Evaluating your business model and determining the type of customer you want to attract will help you decide whether a “subscribe and save” discount — or any discount at all — will be beneficial to your subscription.
How to Leverage “Subscribe & Save” Discounts
For those who are just launching their subscription businesses, Holman advises starting with a low “subscribe and save” discount as a baseline. From there, separate customer groups by month to test different offers and evaluate how each affects your conversion and retention rates.
As you analyze your metrics and tweak your offers accordingly, keep in mind that high churn isn’t always bad. Holman has seen some companies successfully offer high discounts, resulting in higher churn. However, those customers that remain have remarkably high average order values (AOVs) that make the churn worth it.
Take Legion Athletics as an example. According to a recent conversation with Holman, Legion Athletics ran a hefty promotion last year. By month three, that promotion had experienced 50% churn, but the remaining customers’ AOVs rose 42% and their lifetime values rose 172%. Economically, the discount paid off.
The high-churn model, then, can work — but it isn’t for everyone. Whether you use it or not, take Holman’s next piece of advice: be patient with your offer.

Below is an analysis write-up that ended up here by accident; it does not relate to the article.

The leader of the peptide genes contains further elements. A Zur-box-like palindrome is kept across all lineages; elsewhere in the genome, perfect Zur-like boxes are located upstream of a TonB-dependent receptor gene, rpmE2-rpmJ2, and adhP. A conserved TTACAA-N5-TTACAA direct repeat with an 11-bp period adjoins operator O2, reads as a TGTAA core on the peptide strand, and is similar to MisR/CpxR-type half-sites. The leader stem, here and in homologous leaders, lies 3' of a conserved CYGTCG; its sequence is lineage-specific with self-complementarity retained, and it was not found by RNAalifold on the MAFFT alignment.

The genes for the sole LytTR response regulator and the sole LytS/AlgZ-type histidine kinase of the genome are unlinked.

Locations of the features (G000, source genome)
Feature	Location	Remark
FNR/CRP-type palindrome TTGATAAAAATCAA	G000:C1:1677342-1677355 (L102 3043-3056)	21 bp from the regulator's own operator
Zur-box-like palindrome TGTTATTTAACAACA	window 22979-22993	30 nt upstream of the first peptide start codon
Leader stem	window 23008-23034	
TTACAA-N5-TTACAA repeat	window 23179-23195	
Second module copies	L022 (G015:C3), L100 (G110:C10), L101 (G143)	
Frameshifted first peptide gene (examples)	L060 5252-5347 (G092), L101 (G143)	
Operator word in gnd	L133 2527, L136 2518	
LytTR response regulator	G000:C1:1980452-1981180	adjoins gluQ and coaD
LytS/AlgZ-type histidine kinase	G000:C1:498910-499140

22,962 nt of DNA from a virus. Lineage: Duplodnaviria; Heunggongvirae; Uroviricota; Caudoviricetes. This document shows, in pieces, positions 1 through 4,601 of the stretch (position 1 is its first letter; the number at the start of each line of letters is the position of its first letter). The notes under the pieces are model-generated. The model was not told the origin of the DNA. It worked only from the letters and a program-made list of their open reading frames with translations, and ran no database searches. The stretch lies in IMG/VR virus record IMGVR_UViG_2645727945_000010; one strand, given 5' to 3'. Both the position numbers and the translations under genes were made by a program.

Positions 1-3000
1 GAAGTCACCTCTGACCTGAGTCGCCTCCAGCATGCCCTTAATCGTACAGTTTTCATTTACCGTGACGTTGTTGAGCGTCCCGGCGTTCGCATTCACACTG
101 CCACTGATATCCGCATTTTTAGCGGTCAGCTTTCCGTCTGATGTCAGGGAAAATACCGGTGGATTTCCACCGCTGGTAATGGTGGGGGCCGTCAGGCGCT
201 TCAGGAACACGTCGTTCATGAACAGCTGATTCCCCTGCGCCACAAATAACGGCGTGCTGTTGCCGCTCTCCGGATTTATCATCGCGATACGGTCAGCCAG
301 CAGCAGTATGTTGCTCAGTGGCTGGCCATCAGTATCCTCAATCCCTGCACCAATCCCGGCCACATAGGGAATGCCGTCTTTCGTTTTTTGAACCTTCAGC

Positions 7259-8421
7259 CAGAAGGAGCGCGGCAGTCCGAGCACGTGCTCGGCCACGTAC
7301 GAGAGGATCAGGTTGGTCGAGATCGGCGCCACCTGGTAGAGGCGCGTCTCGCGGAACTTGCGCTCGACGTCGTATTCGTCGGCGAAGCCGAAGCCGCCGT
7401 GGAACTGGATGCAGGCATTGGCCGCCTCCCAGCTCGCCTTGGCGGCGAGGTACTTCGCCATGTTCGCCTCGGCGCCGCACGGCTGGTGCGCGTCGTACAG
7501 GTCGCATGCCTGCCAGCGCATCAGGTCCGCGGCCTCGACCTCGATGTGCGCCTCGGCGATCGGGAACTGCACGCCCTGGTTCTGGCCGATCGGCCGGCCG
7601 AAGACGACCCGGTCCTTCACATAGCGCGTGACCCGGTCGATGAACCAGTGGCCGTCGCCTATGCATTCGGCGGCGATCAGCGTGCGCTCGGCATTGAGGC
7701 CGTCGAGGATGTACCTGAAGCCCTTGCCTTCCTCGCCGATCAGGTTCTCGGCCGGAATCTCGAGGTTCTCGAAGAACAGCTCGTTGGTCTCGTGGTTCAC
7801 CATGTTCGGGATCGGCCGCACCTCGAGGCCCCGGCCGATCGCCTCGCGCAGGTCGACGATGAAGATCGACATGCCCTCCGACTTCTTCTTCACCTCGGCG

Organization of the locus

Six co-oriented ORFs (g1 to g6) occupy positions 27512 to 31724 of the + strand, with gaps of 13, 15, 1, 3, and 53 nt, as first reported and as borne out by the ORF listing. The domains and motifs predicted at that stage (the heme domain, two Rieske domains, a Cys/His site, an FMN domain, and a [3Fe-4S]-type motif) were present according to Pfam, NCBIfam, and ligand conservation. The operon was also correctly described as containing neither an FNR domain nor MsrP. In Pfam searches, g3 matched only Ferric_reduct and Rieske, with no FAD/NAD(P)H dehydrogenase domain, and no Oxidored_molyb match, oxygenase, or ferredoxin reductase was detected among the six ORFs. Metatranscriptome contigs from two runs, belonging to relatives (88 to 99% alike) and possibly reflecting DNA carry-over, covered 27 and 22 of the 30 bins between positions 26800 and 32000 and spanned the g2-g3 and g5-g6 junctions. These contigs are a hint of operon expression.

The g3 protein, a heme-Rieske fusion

Generally, Holman explains, “discounts are a tool to get somebody across the finish line.” “[They’re] not a tool to get somebody to buy that isn’t already considering your product.” Most commonly, he emphasizes, “people buy because of your product, your brand, and the experience you’re providing.”
Whatever you do, don’t make the mistake of thinking that people will sign up just because you set a high discount. Instead, invest in good copy and quality product images, and ensure that your “subscribe and save” page explains how your offering benefits the customer.
Finally, Holman says it’s critical to find out why people cancel their subscriptions. If you don’t address the actual reason that people cancel, offering a bigger discount isn’t going to keep them around longer.
“The fundamentals are to offer a reason people should buy and then to understand why they don’t want to buy or why they cancel their subscription,” Holman explains.
If you can understand why subscribers leave, you can combine that knowledge with a “subscribe and save” offer to leverage them into happy, loyal customers.
A Discount Is Not Always the Answer
Holman’s general rule of thumb is that replaceable products such as razors, pet food, etc., require “subscribe and save” discounts because people are shopping around for the best price on comparable products.